Gertrude Astbury, who took the stage name Gertie Gitana, was the daughter of pottery worker William Astbury and his wife Lavinia. Born at 7 Shirley Street, Longport in 1888, Gertie began her theatrical career as a male impersonator with Thomlinson’s Royal Gypsie Choir when she was four years old. A child prodigy, she made her music hall debut as Little Gitana at the Tivoli in Barrow-in-Furness. Gertie acquired a repertoire of popular songs that included “Nellie Dean”, “When the Harvest Moon is Shining” and “Sweet Caroline”, and went on tour captivating music hall audiences everywhere.

Like most variety theatres, the Grand showed newsreels between performances, and audiences saw Gladstone’s funeral, Queen Victoria’s visit to Ireland and British troops in action during the Boer War.

Travelling showmen brought “moving pictures” to fairs. The films they showed were very popular. During 1909, entrepreneur George Barber opened a cinema in Tunstall. Shortly afterwards four cinemas were opened in Newcastle-under-Lyme. In 1910, the Elphinstone brothers built the Empire Electric Theatre in Hanley, a cinema that could seat more than 900 people.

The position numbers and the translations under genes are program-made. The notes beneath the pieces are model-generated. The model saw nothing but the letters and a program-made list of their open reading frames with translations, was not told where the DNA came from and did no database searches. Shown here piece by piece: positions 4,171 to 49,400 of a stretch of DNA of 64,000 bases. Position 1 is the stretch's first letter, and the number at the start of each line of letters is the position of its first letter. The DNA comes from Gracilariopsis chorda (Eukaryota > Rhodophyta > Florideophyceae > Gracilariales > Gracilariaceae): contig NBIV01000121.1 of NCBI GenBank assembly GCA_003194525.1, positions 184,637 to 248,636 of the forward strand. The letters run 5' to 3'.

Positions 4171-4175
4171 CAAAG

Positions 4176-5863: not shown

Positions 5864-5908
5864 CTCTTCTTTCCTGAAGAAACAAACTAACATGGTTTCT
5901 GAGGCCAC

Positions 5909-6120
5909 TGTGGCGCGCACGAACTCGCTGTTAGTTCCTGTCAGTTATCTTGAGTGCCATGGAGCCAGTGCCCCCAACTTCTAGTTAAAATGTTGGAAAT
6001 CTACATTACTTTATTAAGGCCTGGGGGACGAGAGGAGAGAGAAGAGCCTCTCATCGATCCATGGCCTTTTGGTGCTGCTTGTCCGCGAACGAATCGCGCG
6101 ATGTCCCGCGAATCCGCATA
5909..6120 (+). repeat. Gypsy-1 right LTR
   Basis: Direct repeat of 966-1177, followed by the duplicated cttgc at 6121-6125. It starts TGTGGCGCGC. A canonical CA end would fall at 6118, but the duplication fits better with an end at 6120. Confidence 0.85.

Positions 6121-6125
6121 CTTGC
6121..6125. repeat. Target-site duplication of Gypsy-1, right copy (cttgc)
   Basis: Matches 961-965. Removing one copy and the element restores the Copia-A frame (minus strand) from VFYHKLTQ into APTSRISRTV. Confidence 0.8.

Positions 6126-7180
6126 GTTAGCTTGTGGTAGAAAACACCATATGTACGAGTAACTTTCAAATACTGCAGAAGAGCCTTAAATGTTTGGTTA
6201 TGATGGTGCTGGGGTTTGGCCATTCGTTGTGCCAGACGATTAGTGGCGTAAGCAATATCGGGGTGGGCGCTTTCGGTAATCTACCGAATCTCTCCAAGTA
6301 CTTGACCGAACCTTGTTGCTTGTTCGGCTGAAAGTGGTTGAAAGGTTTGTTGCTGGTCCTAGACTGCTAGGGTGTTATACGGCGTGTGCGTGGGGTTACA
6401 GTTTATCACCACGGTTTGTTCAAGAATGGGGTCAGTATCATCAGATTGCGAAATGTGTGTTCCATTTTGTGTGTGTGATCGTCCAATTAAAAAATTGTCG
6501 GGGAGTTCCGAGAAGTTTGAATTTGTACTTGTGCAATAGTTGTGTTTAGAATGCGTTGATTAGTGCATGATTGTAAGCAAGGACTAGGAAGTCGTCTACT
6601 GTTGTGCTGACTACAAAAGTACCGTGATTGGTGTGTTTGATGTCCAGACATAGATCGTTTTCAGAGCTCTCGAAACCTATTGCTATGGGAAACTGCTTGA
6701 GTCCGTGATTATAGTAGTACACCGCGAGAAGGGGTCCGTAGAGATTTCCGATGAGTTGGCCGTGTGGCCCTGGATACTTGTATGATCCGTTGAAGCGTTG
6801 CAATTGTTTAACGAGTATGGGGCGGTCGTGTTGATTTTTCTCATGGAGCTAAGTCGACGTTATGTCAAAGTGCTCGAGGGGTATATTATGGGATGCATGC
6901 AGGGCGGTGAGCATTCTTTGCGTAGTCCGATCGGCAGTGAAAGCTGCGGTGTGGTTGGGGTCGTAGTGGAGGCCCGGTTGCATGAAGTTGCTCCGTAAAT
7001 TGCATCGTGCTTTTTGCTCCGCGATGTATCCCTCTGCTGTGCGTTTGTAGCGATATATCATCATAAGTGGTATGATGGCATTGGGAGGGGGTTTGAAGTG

Cinemas provided cheap entertainment for working-class families. Even the most impoverished families could afford to spend a few pence watching a silent film and have enough money left to buy fish and chips on the way home. After the First World War, people started going to the cinema two or three times a week.

Audiences drifted away from music halls and variety theatres. When the Grand Theatre closed in 1932, the building became a cinema. The first film that was shown there was “Sally in our Alley” starring Gracie Fields.